As programmes and moderators become increasingly censorious – i.e., Google memory-holing content, Facebook sending users to digital prison, YouTube demonetising original work as punishment for non-conformity – it is important to go to other social media platforms: Bitchute, Gab, Telegram, Parler, Rumble. But this itself creates a dialectic in which everything bland, PR-friendly, and pro-corporate is permitted to appear on the monopoly platforms, and everything else jumps ship to alternative sites. Just as the monopolies create echo-chambers of dullness in which corporate media content is promoted over independent producers whose work gains grassroots momentum, filter-bubbles are generated on alternative platforms. It is, therefore, important to recognise and be suspicious of the motives of those posting on such sites. It is easy to get sucked into rabbit holes as a consequence of avoiding the ever-restrictive social media giants.
The political left has not helped itself in this regard. It has been quick to de-platform. Not only has the left found itself being de-platformed by corporate monopolies, but it has also helped push the political right into a new social media sphere in which ideas are reinforced instead of being challenged.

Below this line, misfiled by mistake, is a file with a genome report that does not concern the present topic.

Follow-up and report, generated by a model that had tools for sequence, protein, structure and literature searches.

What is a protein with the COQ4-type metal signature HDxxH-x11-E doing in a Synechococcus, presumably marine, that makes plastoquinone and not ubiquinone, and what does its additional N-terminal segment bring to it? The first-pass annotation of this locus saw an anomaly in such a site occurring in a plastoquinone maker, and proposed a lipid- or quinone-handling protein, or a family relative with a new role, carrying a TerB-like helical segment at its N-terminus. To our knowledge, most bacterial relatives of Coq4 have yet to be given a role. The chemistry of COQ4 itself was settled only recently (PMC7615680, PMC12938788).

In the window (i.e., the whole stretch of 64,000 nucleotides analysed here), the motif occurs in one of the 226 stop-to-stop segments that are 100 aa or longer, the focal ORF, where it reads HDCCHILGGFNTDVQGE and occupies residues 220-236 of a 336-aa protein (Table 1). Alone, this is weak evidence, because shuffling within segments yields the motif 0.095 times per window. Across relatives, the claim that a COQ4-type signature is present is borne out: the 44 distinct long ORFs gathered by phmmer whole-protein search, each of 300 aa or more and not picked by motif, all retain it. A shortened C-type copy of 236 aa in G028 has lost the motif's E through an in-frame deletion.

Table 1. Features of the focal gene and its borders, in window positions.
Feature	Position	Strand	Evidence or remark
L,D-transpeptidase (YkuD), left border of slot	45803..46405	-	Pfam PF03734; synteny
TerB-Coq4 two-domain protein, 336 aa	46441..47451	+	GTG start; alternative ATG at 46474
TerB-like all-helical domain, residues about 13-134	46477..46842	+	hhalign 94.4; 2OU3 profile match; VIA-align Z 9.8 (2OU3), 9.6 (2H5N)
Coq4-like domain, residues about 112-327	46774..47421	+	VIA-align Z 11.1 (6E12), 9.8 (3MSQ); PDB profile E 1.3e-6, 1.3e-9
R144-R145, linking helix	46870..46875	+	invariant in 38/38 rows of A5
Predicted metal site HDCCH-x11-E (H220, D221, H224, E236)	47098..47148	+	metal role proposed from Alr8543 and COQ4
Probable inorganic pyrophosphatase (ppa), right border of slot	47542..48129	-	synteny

This is a perfect dialectic for our rulers, who paint everything as a battle between good and evil, ignoring the bad on all sides and good on all sides. In this age of biofascist control, we must find the good on each side and use informational tools to fight the new tech-pharma complex.
1. Stephen Beake (2014) Data Brokers and the Need for Transparency and Accountability, Nova Scientific
2. Nora A. Draper (2019) The Identity Trade: Selling Privacy and Reputation Online, New York University Press
3. Siva Vaidhyanathan (2018) Antisocial Media: How Facebook Disconnects Us and Undermines Democracy, Oxford University Press
4. Eleonore Pauwels and Sarah W. Denton (2018) “Searching for privacy in the internet of bodies,” Wilson Quarterly, www.wilsonquarterly.com/quarterly/living-with-artificial-intelligence/searching-for-privacy-in-the-internet-of-bodies
5. Kate Crawford, “Time to regulate AI that interprets human emotions,” Nature, 6 April 2021, www.nature.com/articles/d41586-021-00868-5